DFI Lanparty UT X58-T3EH8 LGA1366 Photos, Bios and Overclocking Information Guide
This is a discussion on DFI Lanparty UT X58-T3EH8 LGA1366 Photos, Bios and Overclocking Information Guide within the DFI Intel Motherboard / CPU forums, part of the Intel motherboards / CPU category; By bazx you always do a great lay out of your posts eva you got to love the socket lay ...
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|26-12-2008, 11:13 PM||#25 (permalink)|
By bazxThanks, posted up some more initial first time results in this thread. Will start the official info/results thread later once I get the hang of this board.
By cowieIt's way easier to overclock this board than any previous Intel/DFI board!! TRUE120 is best air cooling you can hope for
|27-12-2008, 12:58 AM||#26 (permalink)|
Join Date: Dec 27 2008
Thanks for the mini review Eva.
I have a few questions if you don't mind.
Any case fan blowing air on the PWM or the tests were not done in a case(yes i know the 2 Scythe on the TRUE blow air on it anyway)
I noticed the vcore is lower at idle at 2660Mhz and i presume it's because it was set on auto but in the second test @3816Mhz the vcore at idle is way higher then at load,so my question would be was LLC enabled (or as it's named in bios Vcore Droop Control) and if it was ,was it a fluke or the board has this much of a Vdroop?
Also does EIST work when OC'ed with Turbo and HT on?
Thanks and waiting for more tests
|27-12-2008, 01:19 AM||#28 (permalink)|
Join Date: Mar 09 2007
Location: new jersey,usa
By jjji think dfi mb's when Vcore Droop Control is enabled it means you have the built in vdroop,disabled then its normally very accurate,thats how it is on both my ut p35 and ut p45 boards anyways.
more test's please
if you do some 3d i'll make some popcorn
|27-12-2008, 06:41 AM||#29 (permalink)|
By jjjat stock i accidently left CxE enabled and set at AUTO, this allows you to select the C-states which effect idle operations AFAIK. With 18x201BCLK i had CxE disabled. I haven't gotten as far as to test Turbo in combination with HT and EIST/CxE etc. Will do that later
No case used, open desk and the pull fan on TRUE120 is directed on the Flame Freezer heatsink and the push fan is positioned lower down so air flow goes under TRUE120 heatsink towards PWM area See photo
By dinos22Seems like typical 920 temps for air, will try cpu higher
Last edited by eva2000; 27-12-2008 at 08:28 AM.
|27-12-2008, 08:58 AM||#30 (permalink)|
Join Date: Dec 26 2008
Location: earth mostly
Thanks for the welcome eva,
I was wondering, after looking at all the photos its really hard to tell, is the NB cooler attached to the PWM cooler with a heatpipe? I was hoping they were separated. One less thing for me to cut off with a dremel lol...
And have you pulled the mobo coolers off yet? I was wondering what they used for thermal interface materiel.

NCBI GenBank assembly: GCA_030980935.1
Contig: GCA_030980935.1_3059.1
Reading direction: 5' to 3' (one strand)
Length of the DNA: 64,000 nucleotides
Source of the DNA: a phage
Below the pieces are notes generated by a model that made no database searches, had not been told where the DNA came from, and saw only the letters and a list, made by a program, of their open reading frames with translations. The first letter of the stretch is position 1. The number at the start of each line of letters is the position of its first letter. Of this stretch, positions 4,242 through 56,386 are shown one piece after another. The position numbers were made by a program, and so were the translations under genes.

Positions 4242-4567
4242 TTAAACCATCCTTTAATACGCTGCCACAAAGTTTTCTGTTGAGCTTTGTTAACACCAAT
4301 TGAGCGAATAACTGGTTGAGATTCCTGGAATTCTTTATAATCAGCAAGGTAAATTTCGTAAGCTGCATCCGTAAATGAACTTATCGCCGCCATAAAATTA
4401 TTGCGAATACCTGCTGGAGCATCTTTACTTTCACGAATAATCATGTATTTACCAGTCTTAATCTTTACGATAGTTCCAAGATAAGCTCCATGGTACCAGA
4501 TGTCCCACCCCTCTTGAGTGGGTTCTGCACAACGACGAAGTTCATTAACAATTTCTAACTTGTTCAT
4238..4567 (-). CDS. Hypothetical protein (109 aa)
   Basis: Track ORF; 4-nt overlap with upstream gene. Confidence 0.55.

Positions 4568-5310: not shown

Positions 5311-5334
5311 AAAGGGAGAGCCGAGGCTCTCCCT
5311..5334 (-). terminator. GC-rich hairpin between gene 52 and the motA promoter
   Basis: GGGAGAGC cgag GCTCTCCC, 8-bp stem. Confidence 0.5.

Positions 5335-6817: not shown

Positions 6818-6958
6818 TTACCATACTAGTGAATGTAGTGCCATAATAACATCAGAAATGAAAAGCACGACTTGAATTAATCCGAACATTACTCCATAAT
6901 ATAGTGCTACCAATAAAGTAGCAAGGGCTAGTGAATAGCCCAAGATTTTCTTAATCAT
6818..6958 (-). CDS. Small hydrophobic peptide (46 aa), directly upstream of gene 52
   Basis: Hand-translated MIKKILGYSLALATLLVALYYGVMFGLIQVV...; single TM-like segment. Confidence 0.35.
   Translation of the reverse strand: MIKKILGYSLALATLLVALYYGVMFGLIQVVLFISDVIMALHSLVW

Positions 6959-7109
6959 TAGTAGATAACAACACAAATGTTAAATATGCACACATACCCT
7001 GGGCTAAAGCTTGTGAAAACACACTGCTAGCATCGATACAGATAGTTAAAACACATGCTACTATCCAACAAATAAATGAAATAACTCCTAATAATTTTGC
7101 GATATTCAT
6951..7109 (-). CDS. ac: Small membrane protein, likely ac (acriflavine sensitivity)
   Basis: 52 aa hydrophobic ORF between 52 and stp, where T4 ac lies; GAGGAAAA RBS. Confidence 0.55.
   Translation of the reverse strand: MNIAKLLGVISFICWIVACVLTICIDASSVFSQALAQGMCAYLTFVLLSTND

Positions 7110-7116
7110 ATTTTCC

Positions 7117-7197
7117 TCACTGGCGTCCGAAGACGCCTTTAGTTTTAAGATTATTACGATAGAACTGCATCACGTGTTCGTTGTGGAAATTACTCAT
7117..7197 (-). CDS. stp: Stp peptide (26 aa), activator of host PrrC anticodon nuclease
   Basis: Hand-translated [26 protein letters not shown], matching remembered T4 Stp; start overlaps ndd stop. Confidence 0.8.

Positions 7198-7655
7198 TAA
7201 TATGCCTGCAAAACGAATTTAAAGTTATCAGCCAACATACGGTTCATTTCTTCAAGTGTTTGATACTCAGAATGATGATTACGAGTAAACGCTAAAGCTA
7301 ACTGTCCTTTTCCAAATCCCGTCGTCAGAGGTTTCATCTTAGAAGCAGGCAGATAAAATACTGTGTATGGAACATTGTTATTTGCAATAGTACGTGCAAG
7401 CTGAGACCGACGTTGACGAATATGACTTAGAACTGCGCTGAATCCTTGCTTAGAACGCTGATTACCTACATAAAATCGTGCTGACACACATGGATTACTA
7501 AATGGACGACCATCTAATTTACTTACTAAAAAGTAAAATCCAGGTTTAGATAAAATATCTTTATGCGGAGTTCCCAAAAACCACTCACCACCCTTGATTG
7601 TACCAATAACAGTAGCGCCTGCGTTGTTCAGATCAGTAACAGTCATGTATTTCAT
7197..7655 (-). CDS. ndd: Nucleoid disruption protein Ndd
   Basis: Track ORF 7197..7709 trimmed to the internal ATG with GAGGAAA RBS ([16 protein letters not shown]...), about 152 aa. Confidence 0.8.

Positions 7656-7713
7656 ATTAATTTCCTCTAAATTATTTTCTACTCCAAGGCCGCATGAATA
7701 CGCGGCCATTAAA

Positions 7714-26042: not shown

Either way those are some sexy clocks, TY for the bios info/settings.
|27-12-2008, 09:18 AM||#31 (permalink)|
It does seem the NB heatsink has a heatpipe that extends to the mosfet heatsink from these 2 photos of the cpu socket area - side view and top view. It would also explain why, adding a fan over NB heatsink and dropped SYSTEM (and PWM) temps at idle from 57C to 44C and load temps from 70C to 55C for SYSTEM and 46C to 39C for CHIPSET temps
Haven't pulled off heatsinks yet - want to see how they do out of the box first
Last edited by eva2000; 27-12-2008 at 09:27 AM.
|27-12-2008, 09:54 AM||#32 (permalink)|
Join Date: Dec 26 2008
Location: earth mostly
Ahh ty for the info, that side view tells the tale.
I never understood the reasoning behind attaching parts via heatpipe. Especially without a stock NB cooler.
Every board I've had in the last 2 years or so I've had to cut off the mobo heatpipes. And in every case by doing so it lowered the temps on all components involved.
I guess it looks sexy so they keep adding them. But I would love to get a board that came with seperate coolers stock, and small fans for all.
I never understood the reasoning behind the mobo heatpipe craze. "The pwm's are usually smoking hot, so lets connect them to the north bridge so it can fry too" lol...
Its like companies are trying to evenly cook a turkey.
Heat travels to the coldest area, be it up down left or right. But then toss in the heatpipe liquid heated to a gaseous state and it wants to rise thus throwing a wrench in the thermal works. So on a btx layout all the gas travels to the southbridge. Laying flat it may not be able to go anywhere unless there's a easy path of travel upwards. And in a normal upright atx layout all the heated gas will want to travel to the already hot PWM's.
Unless I'm missing something here "and I very well could be" it all seems a little wonko to me lol.
I would love to hear other people's input on mobo heatpipes.
Heatpipes or not I still plan on buying this puppy when the price comes down a little.
|core i7, ddr3, dfi, lga1366, triple channel, x58-t3eh8|
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